New Mexico Legal Poker

Last Update: March 20, 2015

Online Poker

Update 4/5/2013 – New Mexico is negotiating a gambling compact with the Navajo tribe. The Navajos have proposed adding a provision to the compact that would allow the tribe to withhold required payments to the state from the tribe’s slot revenues if the state legalizes any form of online gambling, including poker. Read the entire story.

Like many states, New Mexico does not have a statute that is directly on point on the issue of the legality of internet poker. The New Mexico Gaming Control Board argues, “Internet gambling is expressly prohibited by Federal law. … Such activity is strictly prohibited and not authorized, approved or sanctioned in any manner by New Mexico regulatory authorities.”

In truth, however, the matter is not so crystal clear. Even though players can’t argue that poker is a “skill game” in New Mexico, they could very well argue that no gambling or betting is taking place in New Mexico if the servers of the online operator are located outside the state.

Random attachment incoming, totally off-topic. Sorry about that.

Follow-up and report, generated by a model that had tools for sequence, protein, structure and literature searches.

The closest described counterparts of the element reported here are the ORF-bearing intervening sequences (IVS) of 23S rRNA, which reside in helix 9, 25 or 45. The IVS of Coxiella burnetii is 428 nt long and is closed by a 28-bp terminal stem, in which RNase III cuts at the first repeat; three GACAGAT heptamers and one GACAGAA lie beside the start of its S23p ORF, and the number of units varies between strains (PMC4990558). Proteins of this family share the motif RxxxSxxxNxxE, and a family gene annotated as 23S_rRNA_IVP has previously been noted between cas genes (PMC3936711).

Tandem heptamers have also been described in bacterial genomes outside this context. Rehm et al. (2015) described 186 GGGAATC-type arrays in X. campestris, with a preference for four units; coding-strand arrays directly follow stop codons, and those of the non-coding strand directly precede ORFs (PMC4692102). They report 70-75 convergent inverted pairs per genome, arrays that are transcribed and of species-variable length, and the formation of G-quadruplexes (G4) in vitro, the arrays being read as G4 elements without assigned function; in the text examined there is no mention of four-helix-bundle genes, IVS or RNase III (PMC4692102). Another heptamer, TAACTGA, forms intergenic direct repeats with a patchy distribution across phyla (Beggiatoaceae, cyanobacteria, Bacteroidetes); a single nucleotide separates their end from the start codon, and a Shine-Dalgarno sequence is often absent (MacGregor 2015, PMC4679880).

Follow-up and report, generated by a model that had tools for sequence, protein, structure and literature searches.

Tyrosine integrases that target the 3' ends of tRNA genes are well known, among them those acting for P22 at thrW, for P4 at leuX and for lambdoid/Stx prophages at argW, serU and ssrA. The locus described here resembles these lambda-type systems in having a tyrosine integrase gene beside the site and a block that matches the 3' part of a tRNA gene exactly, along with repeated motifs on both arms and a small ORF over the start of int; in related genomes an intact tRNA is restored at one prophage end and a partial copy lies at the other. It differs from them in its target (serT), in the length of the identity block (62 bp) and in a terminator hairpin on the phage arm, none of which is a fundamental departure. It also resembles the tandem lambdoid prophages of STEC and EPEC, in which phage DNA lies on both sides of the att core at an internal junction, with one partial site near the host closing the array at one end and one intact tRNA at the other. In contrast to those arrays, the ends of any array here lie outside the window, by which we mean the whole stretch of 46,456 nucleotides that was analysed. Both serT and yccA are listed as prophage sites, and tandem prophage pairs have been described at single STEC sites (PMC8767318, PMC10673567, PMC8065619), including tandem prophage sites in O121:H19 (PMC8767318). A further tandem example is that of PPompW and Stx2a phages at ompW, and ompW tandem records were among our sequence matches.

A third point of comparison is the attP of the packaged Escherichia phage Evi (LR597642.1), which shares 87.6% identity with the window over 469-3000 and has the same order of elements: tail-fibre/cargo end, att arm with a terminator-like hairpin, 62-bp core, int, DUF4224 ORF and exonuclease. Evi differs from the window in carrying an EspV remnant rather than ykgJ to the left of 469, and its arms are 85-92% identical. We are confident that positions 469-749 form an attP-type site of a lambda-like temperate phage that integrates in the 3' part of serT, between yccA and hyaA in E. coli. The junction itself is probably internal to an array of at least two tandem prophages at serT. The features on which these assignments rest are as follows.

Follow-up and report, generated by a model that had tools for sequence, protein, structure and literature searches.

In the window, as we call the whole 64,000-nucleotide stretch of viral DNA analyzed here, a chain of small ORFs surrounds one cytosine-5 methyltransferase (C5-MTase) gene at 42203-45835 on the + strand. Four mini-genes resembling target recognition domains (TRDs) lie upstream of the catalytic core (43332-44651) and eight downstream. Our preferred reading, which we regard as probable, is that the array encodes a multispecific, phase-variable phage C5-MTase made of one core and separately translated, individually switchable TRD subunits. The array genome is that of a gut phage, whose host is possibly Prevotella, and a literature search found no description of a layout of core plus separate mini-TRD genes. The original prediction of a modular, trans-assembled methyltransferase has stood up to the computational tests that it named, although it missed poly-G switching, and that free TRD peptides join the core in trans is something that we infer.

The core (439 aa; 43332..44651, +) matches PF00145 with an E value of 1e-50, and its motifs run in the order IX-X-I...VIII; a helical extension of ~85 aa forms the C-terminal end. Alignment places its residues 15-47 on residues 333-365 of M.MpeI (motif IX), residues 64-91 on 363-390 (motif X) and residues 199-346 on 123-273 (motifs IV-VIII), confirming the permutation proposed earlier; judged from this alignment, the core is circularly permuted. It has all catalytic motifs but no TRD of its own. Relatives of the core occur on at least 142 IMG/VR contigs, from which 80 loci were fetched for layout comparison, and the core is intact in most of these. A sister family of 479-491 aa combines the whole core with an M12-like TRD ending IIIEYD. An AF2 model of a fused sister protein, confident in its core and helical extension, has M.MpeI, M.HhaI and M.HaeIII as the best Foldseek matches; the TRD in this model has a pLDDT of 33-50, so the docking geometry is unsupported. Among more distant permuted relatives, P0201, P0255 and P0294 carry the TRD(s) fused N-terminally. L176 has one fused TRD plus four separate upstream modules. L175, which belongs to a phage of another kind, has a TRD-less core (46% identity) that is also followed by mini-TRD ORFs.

Live Poker

New Mexico has some of the broadest gambling laws in the country. Section 60-2E-1 of the Gaming Control Act defines a “game” as an activity requiring payment of consideration for receipt of a prize, the award of which is determined by chance “even though accompanied by skill”. A similar definition applies to “bet” under §30-19-1 of the New Mexico Statutes Annotated. Gambling on “games” by making a “bet” is a misdemeanor in New Mexico.

Those definitions prevent poker players from arguing that poker is a skill game and therefore not gambling under New Mexico law. Since sections 30-19-2 and 60-2E-4 of the NMSA criminalize all forms of gambling not authorized by law, and poker isn’t so authorized, live poker is not legal in New Mexico. In fact, in a primer on the New Mexico Gaming Control Board website, the board notes that poker games and poker tournaments are prohibited “if money is paid for the opportunity to play and if money or prizes are being awarded as a result of the outcome of the game.”

However, the usual exception for tribal casinos exists in New Mexico. There are a handful of tribal casinos in New Mexico that offer poker as a “Class II game” under the Indian Gaming Regulatory Act.

Home poker games are excepted from New Mexico gambling laws. Under Section 60-2E-3 of the Gaming Control Act, the definition of “game” excludes “an activity played in a private residence in which no person makes money for operating the game”. Unlike other western states, there is no requirement that the players all have any kind of social relationship with each other. As long as the home game is in a private residence and nobody makes money for offering it, the game is legal.

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